Also, I don't think it's possible to invert it explicitly, and get an expression for position as a function of time.
Also, I don't think it's possible to invert it explicitly, and get an expression for position as a function of time.
There, I think I like this one better.
That's interesting and, at 1 lyr., it's far enough to make me wonder if the comet was originally a "drifter (interloper) that came to town"?
Looks like it's here to stay. What a difference a few planets can make.Quote:
During the flyby the comet lost a slight amount of orbital energy to the planets and ended up in a much less elongated ellipse with a period of some 75,000 years. That would be an aphelion of about 3,600 AU, or 0.06 light year.
I am not sure I understand your very first step, with the equation of motion. Is it based on conservation of energy? (Also, what is “s”?)
But in any event, I began with F=m a. F comes from inverse square law, a is second derivative with respect to time.
Unable to solve this differential equation directly, considering time as the independent variable. However, rewriting it all with position as the independent variable, it works a lot better. Quickly got velocity, same as yours. From then on, derivation was similar, except that you used a change of variables and worked it that way, I asked Mathematica to solve it. I got a bizarre solution with complex numbers all over the place, but from the nature of the problem, we know there is a real solution. Focussed on the real part of the solution, ignoring the imaginary part and relearning how to take the logarithm of a complex number, simplified, and ultimately found something quite similar to my answer. However, my answer gave negative time as a function of distance, so it described an object moving away, not toward, the sun. Made the appropriate and very simple modification.
Verified solution satisfies F=Ma.
I think your method includes more physical constraints earlier than mine, and thus leads to the solution in a shorter path. So I think I recommend your method, unless one likes the scenic route.
S is displacement. It's standard notation in school physics textbooks hereabouts. We were taught a crop of formulae for accelerated motion, relating velocity, acceleration, time and displacement, which I still know by heart:
v = u + at
s = ½(u+v)t
s = ut + ½at²
v² = u² + 2as
where u is initial velocity. Setting u to zero in the last formula gives v =√(2as), which is the equation I integrated with respect to distance, switching in r as my distance variable to reflect the fact that distance was being measured radially.
Grant Hutchison
You don't need time intervals - it's not that sort of iteration. It's just a matter of honing down on the value of d that corresponds to the desired t. The solution will be as precise as you care to make it, and is independent of earlier values of t and d.
Grant Hutchison
Your formulae look to me like they are based on constant acceleration, which is not the case here (although you do reach the correct answer). So I am thinking of how to rewrite them, and get the following. (Does your use of bold suggest vectors? If so, I'm just going to do the one-dimensional version below.)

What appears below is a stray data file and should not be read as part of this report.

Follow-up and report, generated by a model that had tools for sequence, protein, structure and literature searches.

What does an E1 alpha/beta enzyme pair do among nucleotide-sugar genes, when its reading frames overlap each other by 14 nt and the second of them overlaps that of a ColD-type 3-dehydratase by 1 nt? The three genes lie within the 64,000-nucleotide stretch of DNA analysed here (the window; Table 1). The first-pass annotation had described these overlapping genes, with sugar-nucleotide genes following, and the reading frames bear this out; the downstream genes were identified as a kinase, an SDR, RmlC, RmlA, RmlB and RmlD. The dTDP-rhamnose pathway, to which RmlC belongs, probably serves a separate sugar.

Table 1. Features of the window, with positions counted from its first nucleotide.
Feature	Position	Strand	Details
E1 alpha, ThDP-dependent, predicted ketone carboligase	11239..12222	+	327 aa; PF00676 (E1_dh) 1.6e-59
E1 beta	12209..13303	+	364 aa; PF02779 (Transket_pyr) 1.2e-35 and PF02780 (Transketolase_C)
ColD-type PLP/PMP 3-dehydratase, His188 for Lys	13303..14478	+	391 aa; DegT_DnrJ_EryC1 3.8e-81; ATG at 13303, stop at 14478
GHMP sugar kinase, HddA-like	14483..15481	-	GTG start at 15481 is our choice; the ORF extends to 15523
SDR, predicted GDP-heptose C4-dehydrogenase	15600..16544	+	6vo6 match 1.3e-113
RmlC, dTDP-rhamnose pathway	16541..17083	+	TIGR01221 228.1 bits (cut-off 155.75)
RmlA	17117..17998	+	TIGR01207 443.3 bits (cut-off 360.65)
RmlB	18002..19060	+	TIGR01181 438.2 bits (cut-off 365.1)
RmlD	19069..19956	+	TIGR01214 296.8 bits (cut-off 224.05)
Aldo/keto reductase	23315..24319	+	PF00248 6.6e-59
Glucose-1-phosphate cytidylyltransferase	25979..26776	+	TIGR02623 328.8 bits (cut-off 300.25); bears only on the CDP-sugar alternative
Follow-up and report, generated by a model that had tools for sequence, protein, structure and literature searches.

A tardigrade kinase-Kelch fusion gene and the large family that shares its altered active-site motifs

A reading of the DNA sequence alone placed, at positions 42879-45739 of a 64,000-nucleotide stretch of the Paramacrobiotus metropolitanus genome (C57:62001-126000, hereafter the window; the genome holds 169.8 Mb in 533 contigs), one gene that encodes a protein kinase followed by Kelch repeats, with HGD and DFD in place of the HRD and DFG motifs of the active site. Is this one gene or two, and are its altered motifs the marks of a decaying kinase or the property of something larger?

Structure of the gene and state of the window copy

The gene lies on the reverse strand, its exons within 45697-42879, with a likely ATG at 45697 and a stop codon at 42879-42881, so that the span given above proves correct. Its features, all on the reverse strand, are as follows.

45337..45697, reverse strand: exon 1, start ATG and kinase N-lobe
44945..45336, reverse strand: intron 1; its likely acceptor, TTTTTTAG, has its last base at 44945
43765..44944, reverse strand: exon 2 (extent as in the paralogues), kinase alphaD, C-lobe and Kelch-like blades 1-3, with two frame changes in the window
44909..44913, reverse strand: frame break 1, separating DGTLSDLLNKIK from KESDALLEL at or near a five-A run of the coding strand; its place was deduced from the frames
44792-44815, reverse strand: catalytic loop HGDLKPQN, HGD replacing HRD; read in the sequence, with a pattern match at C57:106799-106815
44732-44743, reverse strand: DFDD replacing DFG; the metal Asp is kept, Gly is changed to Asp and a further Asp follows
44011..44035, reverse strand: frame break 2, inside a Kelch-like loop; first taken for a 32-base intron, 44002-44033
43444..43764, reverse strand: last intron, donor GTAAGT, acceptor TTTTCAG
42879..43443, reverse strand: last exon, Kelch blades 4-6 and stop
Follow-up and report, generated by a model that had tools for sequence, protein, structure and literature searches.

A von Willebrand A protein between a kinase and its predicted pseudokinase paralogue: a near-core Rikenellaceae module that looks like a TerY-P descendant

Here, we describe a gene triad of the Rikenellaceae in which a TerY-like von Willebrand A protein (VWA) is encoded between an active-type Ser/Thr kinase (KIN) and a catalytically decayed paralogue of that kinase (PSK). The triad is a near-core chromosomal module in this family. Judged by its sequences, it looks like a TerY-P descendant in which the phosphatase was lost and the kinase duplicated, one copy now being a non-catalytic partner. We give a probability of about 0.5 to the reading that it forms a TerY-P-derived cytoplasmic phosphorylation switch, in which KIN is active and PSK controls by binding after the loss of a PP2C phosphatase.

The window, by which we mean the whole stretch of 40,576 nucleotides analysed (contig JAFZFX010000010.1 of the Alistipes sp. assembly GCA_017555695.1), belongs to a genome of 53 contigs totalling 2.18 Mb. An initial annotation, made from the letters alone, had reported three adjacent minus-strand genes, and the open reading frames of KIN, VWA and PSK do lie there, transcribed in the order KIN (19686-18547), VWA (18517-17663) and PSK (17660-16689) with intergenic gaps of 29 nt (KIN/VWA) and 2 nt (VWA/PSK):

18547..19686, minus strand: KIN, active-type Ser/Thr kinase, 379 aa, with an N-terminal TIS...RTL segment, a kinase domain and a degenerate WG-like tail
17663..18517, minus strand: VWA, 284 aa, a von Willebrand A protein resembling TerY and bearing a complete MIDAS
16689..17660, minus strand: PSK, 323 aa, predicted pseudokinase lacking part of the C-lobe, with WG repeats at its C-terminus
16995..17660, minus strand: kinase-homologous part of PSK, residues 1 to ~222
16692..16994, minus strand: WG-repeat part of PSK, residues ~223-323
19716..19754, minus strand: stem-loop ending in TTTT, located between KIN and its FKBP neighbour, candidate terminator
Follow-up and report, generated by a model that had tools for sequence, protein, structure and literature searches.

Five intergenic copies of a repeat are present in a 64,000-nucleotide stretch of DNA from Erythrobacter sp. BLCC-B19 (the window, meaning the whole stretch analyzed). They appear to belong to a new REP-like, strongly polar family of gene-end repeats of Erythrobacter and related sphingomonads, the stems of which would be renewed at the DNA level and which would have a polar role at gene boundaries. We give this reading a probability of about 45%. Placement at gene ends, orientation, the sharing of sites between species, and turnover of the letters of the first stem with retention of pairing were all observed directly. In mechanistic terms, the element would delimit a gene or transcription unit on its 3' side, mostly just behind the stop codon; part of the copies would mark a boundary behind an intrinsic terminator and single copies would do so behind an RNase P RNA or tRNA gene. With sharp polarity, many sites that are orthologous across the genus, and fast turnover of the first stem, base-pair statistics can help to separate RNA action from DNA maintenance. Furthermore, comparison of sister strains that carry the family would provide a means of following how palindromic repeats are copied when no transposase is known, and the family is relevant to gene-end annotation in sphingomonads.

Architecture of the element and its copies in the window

Arg - think I'll skip the second one.
Not exactly the same. However, differentiating with respect to ,
Multiplying both sides by , and changing the independent variable to ,
Then integrating with respect to ,
or
So, works for me. (I realise now I used both for initial velocity, and as a variable of integration. I'm too lazy to go back and change it.)
But the reason I thought it was conservation of energy is, kinetic energy is
But a force needed to move the object up is (negative because the acceleration is in the opposite direction from the gravity). Then potential energy is force acting through a distance, so
Lower limit of integral left unspecified, because the choice of the "zero level" of potential energy is arbitrary. Total energy is conserved, so adding them up, the derivative with respect to should be zero,
This can be rewritten as
which is the same result as before. So it can be derived through conservation of energy.
Yes, potential energy per unit mass in an inverse-square field is -GM/r.
So the kinetic energy per unit mass gained in falling from distance D to distance d is GM(1/d - 1/D).
Multiply by two, take the square root, and you have the velocity at distance d, if velocity was zero at D.
Grant Hutchison
They are indeed based on constant acceleration.
But the velocity formula I quoted provides the structure to go on and integrate acceleration with respect to displacement, which gives you a result that is half the difference in squared velocities (initial to final). So it's a way of calculating work from force times distance, and in this case all tied up with conservation of energy in an inverse-square gravitational field, as you point out, and I used it to get myself a final velocity from a stationary start.
I could certainly have been more explicit, and the argument from conservation of energy would have worked fine too, but those two pages were just intended to be a personal aide-memoire for the solution of a problem I'd found tricky, in terms of finding a good substitution to solve the integral. (I have a whole file of pages like that!)
Grant Hutchison
Kepler himself encountered that complication when preparing his original planetary position tables. He worked from equally spaced position angles and calculated corresponding unequally spaced times. With iterative interpolation he could find the position for a given time to an arbitrarily high precision. This was covered by Sky and Telescope in 1971, the 400th anniversary of his birth.